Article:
Farmed by Anton Roux, a direct descendant of the Huguenot refugee Paul Roux who arrived in Franschhoek in 1688. This vineyard was planted by Anton’s grandfather in the year 1936 on the southern slope of Dassenberg. It’s situated between 310 and 350m above sea-level. During summer, these tightly planted bushvines form a slightly wild looking mess of life and grapes. In winter they resemble a crowd of drunkards cart wheeling across the slope. It is a beautiful old thing.

As is typical in the Cape’s older Semillon vineyards, there are some dark skinned Semillon vines inter-planted with the light skinned Semillon. This oddity is virtually extinct in the rest of the world, and so affords us a chance to make something uniquely South African.

Not all of the old Franchhoek Semillon vineyards are planted on good sites, but this one certainly is. The vineyard is a joy to work with. At this age, the vines are very settled, giving a dependable crop of perfect little yellow and pink pearls of flavour. The wine it produces has a remarkable depth and mouthfeel. It’s not easy to define what makes Semillon such a great grape or such an interesting wine, but it’s an indispensable part of Cartology.

From 2014 onward we started bottling parts of this vineyard as a Single Vineyard wine. The first rendition was called Arrow Heart Semillon, made mostly from the dark skinned grapes, or Semillon Gris (this oddity still grows in some of the Cape’s older vineyards, though it’s virtually extinct everywhere else on Earth). The resulting wine was strange in a good way and good in a strange way.

From 2015 onwards, we made the decision to simply pick the grapes just as they grow in the vineyard and whole bunch press them all together. The resulting wine is somewhere around 10 or 15 % Semillon Gris, the rest Semillon Blanc.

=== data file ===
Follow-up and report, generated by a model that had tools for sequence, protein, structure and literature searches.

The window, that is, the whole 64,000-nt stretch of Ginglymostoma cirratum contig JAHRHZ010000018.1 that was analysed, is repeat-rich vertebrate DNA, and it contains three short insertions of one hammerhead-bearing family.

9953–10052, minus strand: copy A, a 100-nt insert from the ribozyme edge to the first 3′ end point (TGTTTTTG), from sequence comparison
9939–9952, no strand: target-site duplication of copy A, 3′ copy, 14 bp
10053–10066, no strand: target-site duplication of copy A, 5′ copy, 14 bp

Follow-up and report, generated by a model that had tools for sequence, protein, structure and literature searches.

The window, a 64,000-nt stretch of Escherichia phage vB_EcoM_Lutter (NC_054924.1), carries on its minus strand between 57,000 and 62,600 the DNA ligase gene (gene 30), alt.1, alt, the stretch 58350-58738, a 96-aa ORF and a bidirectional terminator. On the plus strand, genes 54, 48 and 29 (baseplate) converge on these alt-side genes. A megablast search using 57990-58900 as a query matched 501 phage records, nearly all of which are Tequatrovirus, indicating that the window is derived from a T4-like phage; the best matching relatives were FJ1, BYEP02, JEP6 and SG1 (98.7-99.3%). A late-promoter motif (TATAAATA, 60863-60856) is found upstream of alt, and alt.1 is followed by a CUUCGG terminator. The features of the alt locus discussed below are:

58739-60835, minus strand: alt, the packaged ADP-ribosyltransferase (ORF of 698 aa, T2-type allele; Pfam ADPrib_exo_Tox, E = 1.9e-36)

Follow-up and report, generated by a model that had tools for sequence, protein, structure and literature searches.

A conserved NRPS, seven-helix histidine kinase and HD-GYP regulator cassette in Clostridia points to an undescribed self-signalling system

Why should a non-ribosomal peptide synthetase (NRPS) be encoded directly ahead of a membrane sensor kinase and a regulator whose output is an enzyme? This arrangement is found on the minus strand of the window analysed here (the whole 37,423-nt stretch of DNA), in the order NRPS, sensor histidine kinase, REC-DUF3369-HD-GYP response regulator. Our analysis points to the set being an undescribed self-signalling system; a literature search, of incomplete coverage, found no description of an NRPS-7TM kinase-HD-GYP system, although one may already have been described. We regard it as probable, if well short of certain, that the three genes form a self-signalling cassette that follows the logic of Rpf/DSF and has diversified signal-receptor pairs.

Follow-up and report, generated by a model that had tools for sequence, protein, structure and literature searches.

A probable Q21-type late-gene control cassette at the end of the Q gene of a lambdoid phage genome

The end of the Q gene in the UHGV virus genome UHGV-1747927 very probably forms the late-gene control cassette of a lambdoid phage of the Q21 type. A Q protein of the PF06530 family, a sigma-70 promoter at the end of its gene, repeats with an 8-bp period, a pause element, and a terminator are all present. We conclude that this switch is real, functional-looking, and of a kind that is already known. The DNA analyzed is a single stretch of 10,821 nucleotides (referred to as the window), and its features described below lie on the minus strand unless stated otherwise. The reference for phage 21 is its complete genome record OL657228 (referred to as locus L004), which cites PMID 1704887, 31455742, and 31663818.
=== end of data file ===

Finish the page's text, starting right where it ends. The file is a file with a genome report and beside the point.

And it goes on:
The main reason for this change in approach is that we feel like it’s a better, or truer reflection of the old vineyard, and perhaps closer to what a dry Cape white wine may have been like back in the 1800’s. We think it’s important to respect this, and to make a wine that speaks about the place in its entirety.

LC 2017

The nose shows dried citrus skin, ripe orange/tangerine, baking spices and thatch. This wine is unusually complex. The palate shows serious concentration and depth, kept in check by fine acidity. 13.5% alc

LC 2016

Composition: 100% old vine Semillon, Single Vineyard wine, approx. 10 – 15% Semillon Gris, 85 –90% Semillon Blanc (inter-planted), Franschhhoek.

Tasting Notes: This is our best bottling from this vineyard to date. I suppose the old vines have seen dry years before and know what to do. The nose shows some orange blossom, thatch, peach and citrus notes. Lovely concentration and depth. The wines from this vineyard make me think of walking through a small door into a vast and ornate room.

LC 2015

Composition: 100% old vine Semillon, Single Vineyard wine, approx. 10 – 15% Semillon Gris, 85 – 90% Semillon Blanc (inter-planted), Franschhhoek.

Notes: This bottling currently shows the usual bit of reduction on opening. This blows of after a short while. The nose shows orange peel, thatch, and touches of hedge fruit. The palate shows tremendous depth, along with the mid-palate density and texture that old vine Semillon is known for. This wine will certainly reward bottle ageing. Decanting recommended. Fear not the sediment.


Composition: 75% skin fermented Semillon Gris, 25% whole bunch pressed Semillon Blanc.

Notes: The nose is very interesting, with earthy notes of bay leaf and white pepper. Glimmers of ripe tangerine and hedge fruit pierce the otherwise savoury scent.  The palate has real substance and density. Despite the moderate weight of the wine, it remains quite powerful.

Click here for a map of where our vineyards are.

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